Great Sandy Strait Ramsar Site
The Great Sandy Strait Ramsar Site (GSS Ramsar site) was designated in 1999. It is a double-ended sand passage estuary receiving tidal flows from Hervey Bay in the north and Wide Bay in the south.
Situated partially within and between the Fraser Island World Heritage Area and the mainland coast it covers 93,160 hectares. Fresh water is delivered from a 1.25 million hectare catchment via rivers (Mary and Susan), creeks, coastal streams and the Cooloola sand mass to the comparatively small GSS Ramsar Site. Hydrological connectivity between adjacent areas, estuarine habitat and the upper reaches of the Mary River is a critical element that enables fish to move through riverine habitats for feeding or completing essential life-history migration.
The Outstanding Natural Values of the Great Sandy Strait
The GSS Ramsar site supports a large diversity of wetland habitats and a high number of wetland flora and fauna including nationally and internationally threatened species. It supports exceptional biodiversity of freshwater, estuarine and marine wetland fauna, including important populations of crustaceans, insects (butterflies), fish, frogs, marine turtles, shorebirds, terrestrial and marine mammals. The highest counts worldwide for the endangered shorebird, eastern curlew occur here. A variety of habitats within the GSS Ramsar site reflect a transition between tropical and temperate ecological zones.
A substantial area of non-forested peat swamp, comprised mainly of the rare ‘patterned fen’, occurs within the GSS Ramsar site. These fens together with areas of ‘wallum’ heath plains and swamps support species adapted to the prevailing acidic water and substrate including threatened frogs and fishes as well as species of crayfish and earthworm.
The GSS Ramsar site is of considerable cultural significance to indigenous Australians and contains natural resources that potentially may be harvested sustainably by indigenous people for traditional purposes. The site’s rich diversity and abundance of natural resources also supports a range of nature-based tourism and recreational activities as well as fishing.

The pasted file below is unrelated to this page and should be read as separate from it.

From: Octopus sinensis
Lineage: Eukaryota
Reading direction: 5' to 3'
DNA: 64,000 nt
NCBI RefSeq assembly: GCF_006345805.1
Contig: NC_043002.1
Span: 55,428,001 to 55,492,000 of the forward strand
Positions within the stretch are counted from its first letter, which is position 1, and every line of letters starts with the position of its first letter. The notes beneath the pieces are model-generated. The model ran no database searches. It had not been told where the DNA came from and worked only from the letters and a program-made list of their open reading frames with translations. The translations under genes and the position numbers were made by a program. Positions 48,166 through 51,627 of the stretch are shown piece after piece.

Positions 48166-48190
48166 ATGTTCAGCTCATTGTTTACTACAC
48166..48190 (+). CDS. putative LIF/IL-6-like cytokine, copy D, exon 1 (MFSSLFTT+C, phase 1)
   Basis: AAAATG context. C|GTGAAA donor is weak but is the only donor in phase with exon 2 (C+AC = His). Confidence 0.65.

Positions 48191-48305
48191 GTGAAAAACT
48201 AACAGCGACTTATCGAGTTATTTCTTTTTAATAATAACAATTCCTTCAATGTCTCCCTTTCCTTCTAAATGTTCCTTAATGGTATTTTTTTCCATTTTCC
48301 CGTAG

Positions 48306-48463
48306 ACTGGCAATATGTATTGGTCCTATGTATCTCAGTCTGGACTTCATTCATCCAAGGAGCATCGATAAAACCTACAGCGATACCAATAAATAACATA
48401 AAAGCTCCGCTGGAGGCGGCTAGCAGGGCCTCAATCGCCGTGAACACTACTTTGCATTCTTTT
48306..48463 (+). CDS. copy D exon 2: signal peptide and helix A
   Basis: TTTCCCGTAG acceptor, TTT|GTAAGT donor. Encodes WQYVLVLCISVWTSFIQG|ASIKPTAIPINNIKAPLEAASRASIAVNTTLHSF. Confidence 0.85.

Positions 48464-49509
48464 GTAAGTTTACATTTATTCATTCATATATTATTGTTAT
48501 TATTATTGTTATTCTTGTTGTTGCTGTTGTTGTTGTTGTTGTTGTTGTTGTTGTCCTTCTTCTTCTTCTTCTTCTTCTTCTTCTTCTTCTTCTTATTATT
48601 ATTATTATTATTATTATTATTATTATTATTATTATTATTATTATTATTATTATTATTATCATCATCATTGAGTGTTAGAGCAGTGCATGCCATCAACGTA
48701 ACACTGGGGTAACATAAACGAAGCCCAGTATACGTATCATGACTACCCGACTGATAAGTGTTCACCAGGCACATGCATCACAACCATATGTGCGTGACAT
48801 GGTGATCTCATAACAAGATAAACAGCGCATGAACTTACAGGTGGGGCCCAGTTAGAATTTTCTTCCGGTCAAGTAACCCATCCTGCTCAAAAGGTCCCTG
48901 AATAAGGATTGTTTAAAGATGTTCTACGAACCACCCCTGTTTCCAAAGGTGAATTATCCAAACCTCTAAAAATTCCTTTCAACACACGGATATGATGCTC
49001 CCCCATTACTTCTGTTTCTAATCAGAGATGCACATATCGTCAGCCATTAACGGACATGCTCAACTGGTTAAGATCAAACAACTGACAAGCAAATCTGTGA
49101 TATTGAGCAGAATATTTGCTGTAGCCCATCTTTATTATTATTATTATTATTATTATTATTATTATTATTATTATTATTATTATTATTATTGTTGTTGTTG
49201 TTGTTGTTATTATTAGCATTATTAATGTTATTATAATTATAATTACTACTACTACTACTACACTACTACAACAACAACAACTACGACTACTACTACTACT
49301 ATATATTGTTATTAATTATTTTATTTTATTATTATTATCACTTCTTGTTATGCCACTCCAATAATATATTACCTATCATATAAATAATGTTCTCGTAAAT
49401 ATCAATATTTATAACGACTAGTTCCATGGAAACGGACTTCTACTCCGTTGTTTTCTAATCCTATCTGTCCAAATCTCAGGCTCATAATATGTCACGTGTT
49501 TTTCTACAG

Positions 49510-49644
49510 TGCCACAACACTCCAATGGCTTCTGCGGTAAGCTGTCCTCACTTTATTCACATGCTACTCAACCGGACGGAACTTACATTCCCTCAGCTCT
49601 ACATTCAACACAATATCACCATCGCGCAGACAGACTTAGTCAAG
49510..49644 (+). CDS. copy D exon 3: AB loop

Due to its significance the GSS Ramsar site is part of the Great Sandy Marine Park. A marine park zoning plan guides use and management.
BMRG Projects & Partners
Various threatening processes including pest plant and animal infestation, sedimentation, water quality decline and increasing urban development impact on the terrestrial and marine values of the GSS Ramsar site. On Fraser Island garden escapees from coastal townships threaten the integrity of surrounding the World Heritage Area. Through funding from the Australian Government, BMRG works with the community on projects to reduce threats and raise awareness of the importance of the GSS Ramsar site and the Fraser Island World Heritage Area.
- Pest species (animal and plant) control
- Cane toad tadpole control trail with Bufo toxin
- Public access management (e.g. vehicles) to sensitive wetlands and other habitats
- Threatened species surveys and conservation actions
- Indigenous cultural awareness
- Prevent garden plant escape from Fraser Island townships into surrounding World Heritage Area
- Seagrass surveys and community education (Seagrass Watch)
- Flood event water quality monitoring
- Ecological assessment of inshore coral communities
- Shorebird management initiatives
- Improved fire management practices
- Community education and training events
- Removing barriers to the movement and migration of fish and other aquatic fauna in streams and wetlands
Key Project Partners
- Mary River Catchment Coordinating Committee
- Cooloola Coastcare
- Butchulla People Traditional Owners
- Lower Mary River Land and Catchment Care Group
- Fraser Island Defenders Organisation
- Greater Mary Association
- Fraser Coast and Gympie Regional Councils
- Tandora Grazing
- Queensland Parks and Wildlife Service
- Queensland Wetlands Program (Dept. of Environment and Heritage Protection)
- Department of Defence
- Hancock Queensland Plantations
- Seagrass Watch
- University of Queensland